It defies logic that when a critically sick child is fighting for their life awaiting potentially life-saving heart surgery, we put them in a plane and fly them to Melbourne for treatment, not to mention uprooting their families who have to accompany them for protracted periods. We know that in most cases this results in families and their children becoming separated between jurisdictions.

You don’t have to be a parent to understand the unimaginable trauma on the child and their parents.

Once established, this would be cost effective and will avoid the expense, disruption and hazards of transferring our sick cardiac infants and children interstate for surgery and other life saving procedures. 

The new hospital will never be state of the art or world class unless some way is found to accommodate advanced cardiac care and surgery and no family or child should be put through the trauma of being transferred interstate for potentially life-saving treatment and surgery.

Current Women’s and Children’s Hospital

The current Women’s and Children’s Hospital is chronically underfunded and under-resourced. The fabric, equipment and clinical services will not survive another fix years before the new hospital is available.

An investment of around $100 million is need to make it safe in the interim. There are critical problems in patient care in the Emergency Department, cancer services and mental health. Nursing and medical Staff shortages are a major contributor.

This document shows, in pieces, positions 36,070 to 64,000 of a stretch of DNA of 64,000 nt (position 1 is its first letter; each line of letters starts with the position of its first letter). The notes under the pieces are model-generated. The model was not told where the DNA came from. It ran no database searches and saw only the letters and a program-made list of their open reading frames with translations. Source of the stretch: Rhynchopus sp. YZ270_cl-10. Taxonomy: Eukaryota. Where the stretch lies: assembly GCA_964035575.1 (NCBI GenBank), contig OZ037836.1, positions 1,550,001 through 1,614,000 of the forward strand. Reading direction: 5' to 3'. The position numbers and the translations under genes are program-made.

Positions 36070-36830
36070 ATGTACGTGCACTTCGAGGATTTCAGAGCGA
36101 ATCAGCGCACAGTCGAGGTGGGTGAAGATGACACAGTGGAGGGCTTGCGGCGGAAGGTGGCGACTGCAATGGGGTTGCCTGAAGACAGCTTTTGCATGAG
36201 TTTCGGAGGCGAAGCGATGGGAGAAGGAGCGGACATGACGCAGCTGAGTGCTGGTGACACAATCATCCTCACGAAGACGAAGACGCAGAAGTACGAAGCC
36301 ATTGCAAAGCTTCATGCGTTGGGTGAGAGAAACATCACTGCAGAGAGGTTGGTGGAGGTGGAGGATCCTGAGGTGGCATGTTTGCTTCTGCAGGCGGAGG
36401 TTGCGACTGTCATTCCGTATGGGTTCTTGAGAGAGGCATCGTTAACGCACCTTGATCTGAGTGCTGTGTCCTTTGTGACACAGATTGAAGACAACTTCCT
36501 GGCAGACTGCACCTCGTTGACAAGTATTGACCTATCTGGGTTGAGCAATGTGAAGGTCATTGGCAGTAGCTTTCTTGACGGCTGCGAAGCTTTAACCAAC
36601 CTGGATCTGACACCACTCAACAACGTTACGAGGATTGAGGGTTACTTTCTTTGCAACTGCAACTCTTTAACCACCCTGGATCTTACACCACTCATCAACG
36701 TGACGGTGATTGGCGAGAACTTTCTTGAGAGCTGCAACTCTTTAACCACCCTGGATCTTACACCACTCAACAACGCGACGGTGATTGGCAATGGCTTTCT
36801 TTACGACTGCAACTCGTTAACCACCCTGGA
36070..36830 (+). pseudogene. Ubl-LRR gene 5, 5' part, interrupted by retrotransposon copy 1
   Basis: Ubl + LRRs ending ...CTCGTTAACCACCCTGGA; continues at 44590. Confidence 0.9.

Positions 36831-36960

New Women’s and Children’s Hospital

Means must be found to improve the current structural and functional design of the new Women’s and Children’s Hospital to increase patient accommodation and clinical services.

The current design is inadequate and unsafe because of the fragmentation of acute and essential facilities, such as operation theatres and ICU on different levels. The hospital will be unfit for purpose by the time it opens. There is no prospect for further expansion or inclusion of new tertiary services.

SA-BEST will press for an urgent review of the structure and design to try to find more room and support substantial extra funding to make this happen.

Infant Therapeutic Reunification Service

The first 1000 days of life are critically important and have lifelong health and wellbeing ramifications. In fact they can change the trajectory of a child’s life altogether. Infant trauma is the most preventable risk factor for mental health problems later in life. These kids are on a trajectory of ending up in the child protection system.

The Infant Therapeutic Reunification Service operated from 2011 to 2020 at a cost of under $200,000. It beggars belief the government would allow it to be axed! There is now no comparable state-wide service for vulnerable infants and families. SA-BEST will use its position to insist on the urgent reinstatement of this critical service as a priority.